Award Dinner Moved to Allow Pagans

February 10, 2001

Source: Akron Beacon Journal

On February 10, 2001, The Akron Beacon Journal published an article entitled, "Pagans are grateful for understanding." "Pagans praise the decision by the Akron Area Interfaith Council to move dinner rather than cut the pagan singing group from the program...Following objections from the Annunciation Greek Orthodox Church, the...

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Witches and Pagans Protest Ban on Fortunetelling

February 8, 2001

Source: The Columbus Dispatch

On February 8, 2001, The Columbus Dispatch reported that "witches and pagans demonstrated recently that they know how to mobilize for political action" when Moraine, Ohio, "considered passing an ordinance that would have banned fortunetelling for a fee...Council members began receiving e-mails and phone calls...On the night the ordinance was to come up for a vote, it was standing-room-only in council chambers, which seats about 150...After hearing objections that the ordinance was an unconstitutional restraint on religious...

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Teen Interest in Wicca on the Rise

January 29, 2001

Source: Milwaukee Journal Sentinel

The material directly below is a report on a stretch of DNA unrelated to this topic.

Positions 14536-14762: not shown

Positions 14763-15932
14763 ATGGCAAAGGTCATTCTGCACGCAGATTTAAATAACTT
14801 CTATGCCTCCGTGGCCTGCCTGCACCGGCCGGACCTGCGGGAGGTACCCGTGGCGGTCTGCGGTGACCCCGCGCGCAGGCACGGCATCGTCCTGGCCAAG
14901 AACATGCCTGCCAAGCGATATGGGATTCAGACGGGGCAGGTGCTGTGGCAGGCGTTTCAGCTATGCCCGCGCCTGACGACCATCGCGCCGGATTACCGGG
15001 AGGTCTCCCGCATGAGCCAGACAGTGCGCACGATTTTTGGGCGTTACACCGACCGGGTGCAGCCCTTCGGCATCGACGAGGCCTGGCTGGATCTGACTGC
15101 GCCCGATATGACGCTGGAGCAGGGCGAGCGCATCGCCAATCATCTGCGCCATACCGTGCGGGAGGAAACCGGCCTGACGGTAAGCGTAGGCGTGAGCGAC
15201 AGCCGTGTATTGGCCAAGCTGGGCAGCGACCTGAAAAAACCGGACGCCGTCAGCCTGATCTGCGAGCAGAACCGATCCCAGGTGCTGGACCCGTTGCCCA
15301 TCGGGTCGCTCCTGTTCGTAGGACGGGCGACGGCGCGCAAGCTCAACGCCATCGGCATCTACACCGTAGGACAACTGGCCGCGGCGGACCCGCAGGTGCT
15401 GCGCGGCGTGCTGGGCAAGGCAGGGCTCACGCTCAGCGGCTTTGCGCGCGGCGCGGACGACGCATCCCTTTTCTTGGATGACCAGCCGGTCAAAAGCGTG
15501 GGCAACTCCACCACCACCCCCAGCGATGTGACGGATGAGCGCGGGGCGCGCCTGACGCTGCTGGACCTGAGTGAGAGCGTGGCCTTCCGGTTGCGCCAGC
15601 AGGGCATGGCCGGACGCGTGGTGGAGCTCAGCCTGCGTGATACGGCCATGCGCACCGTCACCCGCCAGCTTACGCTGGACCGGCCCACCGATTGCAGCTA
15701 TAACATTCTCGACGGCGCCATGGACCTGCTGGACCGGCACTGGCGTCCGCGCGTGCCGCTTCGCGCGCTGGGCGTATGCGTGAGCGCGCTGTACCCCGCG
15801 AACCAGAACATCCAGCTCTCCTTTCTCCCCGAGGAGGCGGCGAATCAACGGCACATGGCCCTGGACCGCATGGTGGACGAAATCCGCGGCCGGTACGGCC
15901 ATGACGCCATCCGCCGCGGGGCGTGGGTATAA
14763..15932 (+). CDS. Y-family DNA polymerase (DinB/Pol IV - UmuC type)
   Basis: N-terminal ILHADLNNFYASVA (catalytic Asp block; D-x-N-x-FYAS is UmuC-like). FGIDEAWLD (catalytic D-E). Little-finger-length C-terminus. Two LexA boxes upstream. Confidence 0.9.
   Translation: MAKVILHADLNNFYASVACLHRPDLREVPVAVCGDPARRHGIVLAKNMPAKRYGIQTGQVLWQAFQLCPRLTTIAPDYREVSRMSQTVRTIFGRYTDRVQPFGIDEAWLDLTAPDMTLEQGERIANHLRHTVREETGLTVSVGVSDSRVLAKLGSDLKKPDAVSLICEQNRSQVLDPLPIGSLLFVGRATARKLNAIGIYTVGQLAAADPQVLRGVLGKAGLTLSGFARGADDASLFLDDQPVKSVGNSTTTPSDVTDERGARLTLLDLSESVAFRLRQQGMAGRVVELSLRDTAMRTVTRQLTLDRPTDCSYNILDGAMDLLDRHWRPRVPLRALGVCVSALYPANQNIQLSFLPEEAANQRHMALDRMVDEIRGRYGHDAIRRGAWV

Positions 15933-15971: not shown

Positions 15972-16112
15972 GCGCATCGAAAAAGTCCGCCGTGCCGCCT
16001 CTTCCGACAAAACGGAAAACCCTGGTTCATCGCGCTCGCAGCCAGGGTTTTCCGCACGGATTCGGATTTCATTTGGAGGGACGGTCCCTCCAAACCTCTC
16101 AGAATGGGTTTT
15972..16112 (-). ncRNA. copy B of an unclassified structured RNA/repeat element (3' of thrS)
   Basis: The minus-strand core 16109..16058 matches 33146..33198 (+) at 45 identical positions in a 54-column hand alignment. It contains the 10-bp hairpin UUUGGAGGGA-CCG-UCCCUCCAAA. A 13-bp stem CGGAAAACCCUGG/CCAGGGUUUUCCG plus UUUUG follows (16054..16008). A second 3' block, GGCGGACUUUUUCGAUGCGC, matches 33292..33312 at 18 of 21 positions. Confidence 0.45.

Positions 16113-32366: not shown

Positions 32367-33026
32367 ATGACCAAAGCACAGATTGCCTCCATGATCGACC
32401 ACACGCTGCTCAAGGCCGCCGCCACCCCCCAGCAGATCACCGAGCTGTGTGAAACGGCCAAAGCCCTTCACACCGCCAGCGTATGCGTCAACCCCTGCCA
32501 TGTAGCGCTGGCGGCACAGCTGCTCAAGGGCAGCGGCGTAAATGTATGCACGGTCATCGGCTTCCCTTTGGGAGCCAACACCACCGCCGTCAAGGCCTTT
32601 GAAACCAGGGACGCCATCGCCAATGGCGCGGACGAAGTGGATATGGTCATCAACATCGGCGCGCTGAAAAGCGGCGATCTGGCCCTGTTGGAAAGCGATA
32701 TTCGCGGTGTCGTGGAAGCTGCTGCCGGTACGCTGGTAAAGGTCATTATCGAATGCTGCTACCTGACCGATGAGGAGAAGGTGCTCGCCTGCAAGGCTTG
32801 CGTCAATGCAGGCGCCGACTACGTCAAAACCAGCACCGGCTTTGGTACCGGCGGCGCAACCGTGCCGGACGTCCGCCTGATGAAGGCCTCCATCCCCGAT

On January 29, 2001, the Milwaukee Journal Sentinel reported that "while the Wiccan religion has been around longer than numerous other religions, lately the idea of witchcraft is prompting many teens to take a closer look." Teens explain their interest variously as based in interest in the power to charm someone, interest in the supernatural, or a technique to distinguish themselves and rebel. Many teens are fairly uneducated about the religion, however, according to Scott Brown, an 18-year-old graduate of Germantown...

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Teenager Expelled, Charged with use of Witchcraft; ACLU Involved

January 16, 2001

Source: The Irish Times

On January 16, 2001, The Irish Times reported that "a teenager who was suspended from school for allegedly practising witchcraft has sued the Tulsa Union school district in Oklahoma. The district is preparing its reply to the suit from Brandi Blackbear, backed by the American Civil Liberties Union. Blackbear (whose father is native American and mother is of Sicilian extraction) was suspended first early in 1999 after teachers confiscated a story she was writing about a gun on a school bus. She was suspended again in December 1999...

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Unitarian Universalist Congregation Includes Pagan Influences

January 6, 2001